Ugly correction may be in progress in grain markets

For several weeks, corn prices have lagged while soybeans have seemed to make new highs every day. That changed last week as corn perked up to the highest price since September.

That was the good news.

The bad news is that the corn market has now turned south again. May corn futures finished down over 9 cents Monday, March 19, after a nice run that had farmers raising targets and dreaming of $7 corn.

Overnight heading into Tuesday we have lost an additional 9 cents, so this is an actual turnaround.

Negative chart signal

The technicians are noting that this was a key outside reversal, a very negative chart signal. That means that Monday we traded above Friday’s high, but closed below Friday’s low.

Also notable in the corn market is the inverse in futures which has nearby contract relatively higher compared to the deferred.

This morning, March 20, May futures are a penny higher than July, 40 cents higher than the September, almost a buck higher than December.

This is a market that wants your corn now, or doesn’t want it later, or a combination.

We have not seen a patter like this and this strong for decades. It is part of the reason that some observers are speculating that corn futures could be 3.50 at harvest. Gag!

Following suit

The other grains are also showing negative signs. Soybeans have been suspect for a couple of weeks, but keep surprising me with gains after a couple of times we traded sideways briefly. Now, the beans are down six-and a half cents Monday, followed by a 13-cent drop overnight.

May Chicago wheat futures complete the negative picture, with prices on the May contract off almost 20 cents Monday, with nearly 9 cents of follow-through overnight.

Corn is showing a quick cycle. The recent low was just back on March 9th at 6.31 3/4. Monday the high was 6.75 3/4, at 44-cent gain in 10 days. However, by the end of the day the market was just above the low, closing at 6.63 1/2.

The soybeans have had the longest cycle, since they have been steadily higher for months. The old low was on the 12th of January, at 11.60. Monday we got to 13.78 in early trading. That did not hold, and by the close we were just above the low. For the day we were down seven and a half cents at 13.66 1/2. That represented a key outside reversal day for the beans, also.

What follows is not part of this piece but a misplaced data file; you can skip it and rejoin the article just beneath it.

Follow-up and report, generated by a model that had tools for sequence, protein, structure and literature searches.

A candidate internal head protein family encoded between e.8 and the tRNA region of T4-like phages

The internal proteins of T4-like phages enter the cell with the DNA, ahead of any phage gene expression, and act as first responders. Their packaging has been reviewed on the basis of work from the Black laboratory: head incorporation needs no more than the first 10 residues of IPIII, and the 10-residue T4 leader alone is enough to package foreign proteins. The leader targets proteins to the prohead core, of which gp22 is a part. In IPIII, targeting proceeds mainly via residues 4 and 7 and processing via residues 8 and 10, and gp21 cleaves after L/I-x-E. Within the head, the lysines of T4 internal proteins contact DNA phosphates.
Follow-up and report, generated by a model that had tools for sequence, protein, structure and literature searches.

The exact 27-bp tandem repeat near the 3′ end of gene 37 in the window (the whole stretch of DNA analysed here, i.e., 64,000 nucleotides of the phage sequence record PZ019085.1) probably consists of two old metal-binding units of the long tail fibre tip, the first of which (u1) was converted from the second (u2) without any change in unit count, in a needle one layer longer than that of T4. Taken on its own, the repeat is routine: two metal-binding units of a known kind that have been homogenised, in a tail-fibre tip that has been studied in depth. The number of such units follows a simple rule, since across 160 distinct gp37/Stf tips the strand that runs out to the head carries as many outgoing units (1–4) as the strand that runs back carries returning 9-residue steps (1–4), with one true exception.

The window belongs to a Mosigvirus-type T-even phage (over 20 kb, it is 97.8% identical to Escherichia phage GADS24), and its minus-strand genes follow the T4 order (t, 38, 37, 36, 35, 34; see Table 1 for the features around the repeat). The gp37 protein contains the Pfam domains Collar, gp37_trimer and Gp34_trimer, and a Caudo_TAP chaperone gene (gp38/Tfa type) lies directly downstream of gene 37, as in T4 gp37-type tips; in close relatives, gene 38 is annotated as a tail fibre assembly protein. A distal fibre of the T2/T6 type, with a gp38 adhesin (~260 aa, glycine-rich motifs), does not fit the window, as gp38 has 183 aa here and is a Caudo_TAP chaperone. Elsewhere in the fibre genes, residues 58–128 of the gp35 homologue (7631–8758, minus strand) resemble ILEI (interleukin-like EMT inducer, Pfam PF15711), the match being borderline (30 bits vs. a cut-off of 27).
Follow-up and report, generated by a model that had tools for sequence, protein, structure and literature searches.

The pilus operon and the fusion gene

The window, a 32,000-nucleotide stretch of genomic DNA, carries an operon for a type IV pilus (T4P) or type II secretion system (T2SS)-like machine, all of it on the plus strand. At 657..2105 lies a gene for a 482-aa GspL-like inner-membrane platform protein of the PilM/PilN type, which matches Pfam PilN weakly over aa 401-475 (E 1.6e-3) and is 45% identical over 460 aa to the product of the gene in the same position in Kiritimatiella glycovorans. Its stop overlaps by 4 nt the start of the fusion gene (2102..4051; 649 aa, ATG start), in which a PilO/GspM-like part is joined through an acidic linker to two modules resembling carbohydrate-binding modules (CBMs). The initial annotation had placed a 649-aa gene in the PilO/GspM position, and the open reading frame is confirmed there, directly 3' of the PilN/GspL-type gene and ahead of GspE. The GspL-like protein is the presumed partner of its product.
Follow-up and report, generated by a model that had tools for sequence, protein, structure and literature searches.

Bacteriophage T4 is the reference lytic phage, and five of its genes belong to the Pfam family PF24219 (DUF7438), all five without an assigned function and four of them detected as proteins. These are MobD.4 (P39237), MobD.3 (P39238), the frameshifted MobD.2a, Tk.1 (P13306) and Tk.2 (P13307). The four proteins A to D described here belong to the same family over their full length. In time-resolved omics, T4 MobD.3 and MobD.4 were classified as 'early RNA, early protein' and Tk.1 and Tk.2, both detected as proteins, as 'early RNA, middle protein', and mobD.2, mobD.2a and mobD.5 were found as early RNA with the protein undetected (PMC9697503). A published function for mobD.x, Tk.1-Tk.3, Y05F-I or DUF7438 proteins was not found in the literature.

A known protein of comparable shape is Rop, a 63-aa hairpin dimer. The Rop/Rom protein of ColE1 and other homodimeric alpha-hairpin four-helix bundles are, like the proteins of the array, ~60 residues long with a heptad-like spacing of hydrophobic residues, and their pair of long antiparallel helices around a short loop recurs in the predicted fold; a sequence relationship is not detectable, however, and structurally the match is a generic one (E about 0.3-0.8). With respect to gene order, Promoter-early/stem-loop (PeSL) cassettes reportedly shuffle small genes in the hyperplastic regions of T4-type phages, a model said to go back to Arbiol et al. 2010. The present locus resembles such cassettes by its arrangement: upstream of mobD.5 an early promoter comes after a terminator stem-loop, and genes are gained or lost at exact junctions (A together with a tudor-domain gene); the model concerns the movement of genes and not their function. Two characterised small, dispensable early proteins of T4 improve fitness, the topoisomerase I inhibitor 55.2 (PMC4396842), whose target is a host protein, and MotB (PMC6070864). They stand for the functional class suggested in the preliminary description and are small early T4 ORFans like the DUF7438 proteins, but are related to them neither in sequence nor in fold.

The wheat charts have been more cyclical, but the cycles have been getting better. The recent low was on the 8th, at 6.33 1/2 for the May contract. Monday the high was 6.75 1/4 before the drop. The close was 6.52 1/4.

What’s next?

Now we have to hunt for reasons for the reversals, and expectations for the future. The trade is focused on the March 1 Grain Stocks Report, which will be released on March 30. That is, the report tells us the stocks the first of the month.

Private companies are putting out pages of their own ideas as the date for release draws near. In the meantime, we are looking at lowered immediate exports hurting basis at the Gulf, which backs up on us.

The wheat crop is looking better as heavy rains are expected in the hard wheat country. As a result, the wheat prices are defensive. The wheat crop often sees prices bounce around in the winter as the crop is most vulnerable.

About the Author

Marlin Clark trades producer and elevator grain from an office near Andover, Ohio for Town & Country Co-op. You can reach him for comment at 440-293-4055. More Stories by Marlin Clark

Leave a Comment

Receive emails as this discussion progresses.

eNewsletter

Get our Top Stories in Your Inbox

Recent News